UPDATE: ESPN announced internally that Jason Aidoo will succeed departing Raina Kelley as boss of Andscape, sources told Front Office Sports.
Aidoo, who had run business operations for Andscape, will add editorial oversight to his responsibilities but will not pick up her editor-in-chief title, said sources.
As vice president of Andscape, Aidoo will oversee all aspects of business and content for the multimedia platform devoted to the intersection of Black culture and sports.
The former Walt Disney Co. executive joined Andscape as vice president of content business strategy and operations in December, 2020. The London native previously worked overseas for the Walt Disney Co.
ESPN executive vice president Rosalyn Durant announced Kelley’s pending departure to another company in an internal memo on Friday.
PREVIOUS: ESPN’s Raina Kelley is set to leave her post as the top editor of Andscape, Front Office Sports has learned.
On Friday, ESPN executive vice president Rosalyn Durant sent an internal memo announcing Kelley’s pending departure as editor-in-chief and vice president of the website devoted to the intersection of Black culture and sports.
Kelley is poised to take a position at another company, said sources. ESPN has not yet announced her successor.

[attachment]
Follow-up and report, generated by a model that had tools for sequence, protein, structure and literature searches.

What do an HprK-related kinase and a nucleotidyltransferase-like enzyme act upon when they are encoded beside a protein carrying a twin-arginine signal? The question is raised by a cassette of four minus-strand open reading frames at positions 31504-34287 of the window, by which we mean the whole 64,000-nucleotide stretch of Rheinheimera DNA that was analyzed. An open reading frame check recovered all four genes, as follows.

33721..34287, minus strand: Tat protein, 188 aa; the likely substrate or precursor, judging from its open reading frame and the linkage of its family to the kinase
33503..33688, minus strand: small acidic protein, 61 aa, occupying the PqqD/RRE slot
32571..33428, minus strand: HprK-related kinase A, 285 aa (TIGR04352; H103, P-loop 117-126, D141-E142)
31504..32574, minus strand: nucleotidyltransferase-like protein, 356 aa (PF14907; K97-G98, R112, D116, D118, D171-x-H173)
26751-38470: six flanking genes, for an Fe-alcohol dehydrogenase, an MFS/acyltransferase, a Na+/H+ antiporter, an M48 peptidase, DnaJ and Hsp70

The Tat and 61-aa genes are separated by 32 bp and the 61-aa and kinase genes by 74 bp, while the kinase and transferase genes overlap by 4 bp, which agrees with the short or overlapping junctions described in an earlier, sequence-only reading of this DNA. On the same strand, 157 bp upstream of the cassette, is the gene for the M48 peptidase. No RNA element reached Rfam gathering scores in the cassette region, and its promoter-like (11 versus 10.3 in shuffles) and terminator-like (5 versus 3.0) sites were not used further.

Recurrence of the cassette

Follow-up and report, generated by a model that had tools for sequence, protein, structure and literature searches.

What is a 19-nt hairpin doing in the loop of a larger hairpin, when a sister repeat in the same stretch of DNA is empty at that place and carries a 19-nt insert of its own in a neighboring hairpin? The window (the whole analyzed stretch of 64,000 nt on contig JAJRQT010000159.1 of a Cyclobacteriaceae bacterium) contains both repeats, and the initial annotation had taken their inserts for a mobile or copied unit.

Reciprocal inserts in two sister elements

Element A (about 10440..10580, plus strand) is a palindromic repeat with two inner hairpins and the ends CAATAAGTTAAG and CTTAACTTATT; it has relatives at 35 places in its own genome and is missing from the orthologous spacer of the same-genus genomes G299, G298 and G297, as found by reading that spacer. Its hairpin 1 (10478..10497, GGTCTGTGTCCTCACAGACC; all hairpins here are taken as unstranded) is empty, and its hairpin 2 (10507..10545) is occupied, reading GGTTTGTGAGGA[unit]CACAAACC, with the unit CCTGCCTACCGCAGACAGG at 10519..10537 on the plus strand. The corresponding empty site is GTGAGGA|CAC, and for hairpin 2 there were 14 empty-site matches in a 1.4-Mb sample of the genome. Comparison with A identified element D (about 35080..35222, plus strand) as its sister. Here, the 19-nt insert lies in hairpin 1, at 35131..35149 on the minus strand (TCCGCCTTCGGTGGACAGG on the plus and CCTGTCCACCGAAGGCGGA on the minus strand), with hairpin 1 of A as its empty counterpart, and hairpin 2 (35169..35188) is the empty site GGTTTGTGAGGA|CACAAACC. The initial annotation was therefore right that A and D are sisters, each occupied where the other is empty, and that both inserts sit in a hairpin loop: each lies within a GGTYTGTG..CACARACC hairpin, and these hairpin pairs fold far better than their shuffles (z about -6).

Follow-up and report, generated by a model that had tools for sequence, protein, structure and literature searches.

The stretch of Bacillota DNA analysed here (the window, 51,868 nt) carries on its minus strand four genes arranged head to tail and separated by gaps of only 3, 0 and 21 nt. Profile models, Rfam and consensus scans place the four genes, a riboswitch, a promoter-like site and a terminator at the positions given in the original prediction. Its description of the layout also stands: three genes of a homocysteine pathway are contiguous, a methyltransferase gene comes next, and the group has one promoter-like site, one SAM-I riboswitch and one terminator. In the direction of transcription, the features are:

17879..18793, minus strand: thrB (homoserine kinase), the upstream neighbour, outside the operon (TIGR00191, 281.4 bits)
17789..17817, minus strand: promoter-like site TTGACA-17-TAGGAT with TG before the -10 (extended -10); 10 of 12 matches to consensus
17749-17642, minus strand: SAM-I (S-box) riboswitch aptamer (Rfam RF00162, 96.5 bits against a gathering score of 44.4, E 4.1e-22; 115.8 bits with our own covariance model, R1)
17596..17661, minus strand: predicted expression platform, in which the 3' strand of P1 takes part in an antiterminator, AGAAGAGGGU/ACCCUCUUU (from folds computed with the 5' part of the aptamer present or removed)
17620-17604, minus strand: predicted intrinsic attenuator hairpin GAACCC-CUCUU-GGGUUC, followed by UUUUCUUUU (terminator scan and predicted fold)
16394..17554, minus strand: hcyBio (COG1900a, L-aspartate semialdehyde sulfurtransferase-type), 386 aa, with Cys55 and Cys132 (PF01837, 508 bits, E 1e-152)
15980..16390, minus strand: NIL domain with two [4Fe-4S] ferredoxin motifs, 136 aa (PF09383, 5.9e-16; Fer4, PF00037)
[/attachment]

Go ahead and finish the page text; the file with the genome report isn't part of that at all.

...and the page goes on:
Kelley was the third top leader in the seven-year history of ESPN’s black-focused platform.
Former ESPN president John Skipper recruited Jason Whitlock as the site’s first editor-in-chief in 2013.
During a podcast with “Grantland” founder Bill Simmons, Whitlock described the new site as the “Black Grantland.” He later dubbed it “The Undefeated.”
However, the developing website was plagued with years of delays. Eventually, Skipper stripped Whitlock of his EIC title and then bought out his contract. Whitlock then joined Fox Sports and is now at TheBlaze.
Under the direction of new editor-in-chief Kevin Merida, “The Undefeated” finally launched in May 2016.
Kelley served for five years as “The Undefeated’s” managing editor. When Merida left to become executive editor of the Los Angeles Times in May 2021, she succeeded him in the top job.
Under her leadership, “The Undefeated” was rebranded as “Andscape” in February 2022.
“It’s time to talk about Black AND everything,” said Kelley at the time. “Far beyond just sports and athletes.”
The recent years have not been kind to ESPN’s siloed, stand-alone websites.
ESPN took over Nate Silver’s “FiveThirtyEight” political site in 2013. But it shifted to sister Walt Disney Co. network ABC News in 2018.
Silver announced this year that he was leaving after Disney-driven layoffs “substantially impacted” his site.
After clashing with ESPN management, ESPN did not renew Simmons’ contract in 2015.
ESPN shuttered his “Grantland” site a year later. Simmons went on to recreate the site as “The Ringer.”
For now, “Andscape” is expected to survive as a multimedia platform, said sources. Staffers are expected to gather soon for a previously scheduled town hall meeting.
Over the last few years, the platform has expanded beyond news with a film and TV unit and book and music publishing groups.
Similarly, espnW has pivoted from its original mission to focus on women-themed live events and executive summits.
ESPN declined to comment Monday.